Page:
On the night of July 3, 2010, Mary Montgomery was working as a dancer at the club and said she consumed three beers, which customers had purchased for her.
As she was driving on Interstate 70 to her Springfield home sometime after 2 a.m. on July 4, she lost control of her car and hit a vehicle, which was forced into a brick wall. Eric Staeuble was driving that car, and Nichole Johnson was a passenger in the front seat.
Johnson was severely injured, suffering a brain injury and multiple head fractures, broken teeth and ribs, several other broken bones, a collapsed lung and a lacerated liver. She had 11 surgeries to treat her injuries, and had extensive physical and occupational therapy for nearly a year.
Johnson sued Montgomery and the club. The trial court issued a default judgment against Montgomery and found she was negligent in the accident.
Johnson’s other claims went to trial before a magistrate. The jury concluded Johnson was entitled to $2.85 million in damages for past and future medical expenses, past and future pain and suffering, and earlier lost wages.
The jury divided liability equally between Montgomery and Thirty-Eight Thirty.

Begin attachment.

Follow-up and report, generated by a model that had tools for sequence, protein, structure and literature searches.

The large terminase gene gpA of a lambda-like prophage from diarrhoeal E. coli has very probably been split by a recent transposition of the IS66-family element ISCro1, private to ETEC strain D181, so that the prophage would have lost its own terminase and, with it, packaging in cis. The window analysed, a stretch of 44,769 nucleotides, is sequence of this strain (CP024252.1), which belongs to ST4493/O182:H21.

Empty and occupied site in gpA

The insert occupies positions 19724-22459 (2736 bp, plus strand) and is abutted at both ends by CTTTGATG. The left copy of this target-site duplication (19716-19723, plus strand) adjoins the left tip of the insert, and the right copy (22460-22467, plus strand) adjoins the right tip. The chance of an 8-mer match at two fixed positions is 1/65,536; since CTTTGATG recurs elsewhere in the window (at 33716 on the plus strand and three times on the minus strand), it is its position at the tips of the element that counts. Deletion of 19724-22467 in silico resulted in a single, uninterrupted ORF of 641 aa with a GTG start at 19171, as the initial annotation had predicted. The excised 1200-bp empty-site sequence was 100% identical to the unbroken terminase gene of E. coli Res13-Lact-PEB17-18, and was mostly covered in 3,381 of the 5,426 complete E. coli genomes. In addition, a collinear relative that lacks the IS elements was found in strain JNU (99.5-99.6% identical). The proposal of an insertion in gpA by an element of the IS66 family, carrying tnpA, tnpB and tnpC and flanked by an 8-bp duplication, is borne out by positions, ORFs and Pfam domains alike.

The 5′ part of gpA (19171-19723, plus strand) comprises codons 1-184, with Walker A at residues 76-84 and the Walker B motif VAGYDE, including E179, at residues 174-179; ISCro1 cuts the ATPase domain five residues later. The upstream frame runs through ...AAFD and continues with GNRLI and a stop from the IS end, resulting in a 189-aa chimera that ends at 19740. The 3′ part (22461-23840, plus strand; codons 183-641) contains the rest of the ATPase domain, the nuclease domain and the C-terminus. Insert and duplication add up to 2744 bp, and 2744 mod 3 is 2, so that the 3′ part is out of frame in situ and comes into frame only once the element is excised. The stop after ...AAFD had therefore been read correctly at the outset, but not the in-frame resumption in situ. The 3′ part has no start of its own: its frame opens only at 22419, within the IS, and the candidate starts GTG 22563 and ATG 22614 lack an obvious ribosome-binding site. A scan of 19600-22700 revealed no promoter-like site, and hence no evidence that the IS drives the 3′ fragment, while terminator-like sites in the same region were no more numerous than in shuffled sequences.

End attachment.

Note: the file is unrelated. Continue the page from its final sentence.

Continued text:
The club’s customers often buy drinks for dancers, who are allowed to consume alcohol while they work.
When a liquor permit holder sells alcohol to a person whose actions while intoxicated cause injuries, the state’s “Dram Shop Act” allows lawsuits against the permit holder only if the person was noticeably intoxicated or was a minor.
The Second District Court of Appeals concluded the law doesn’t apply to an employee in this situation, and the jury shouldn’t have considered the claim against the business owner Thirty-Eight Thirty. The jury had held the club responsible for $1.43 million of a $2.85 million damages award.
The Second District determined the trial court should have accepted — rather than overruled — the strip club’s request for a directed verdict in its favor on the negligence issue.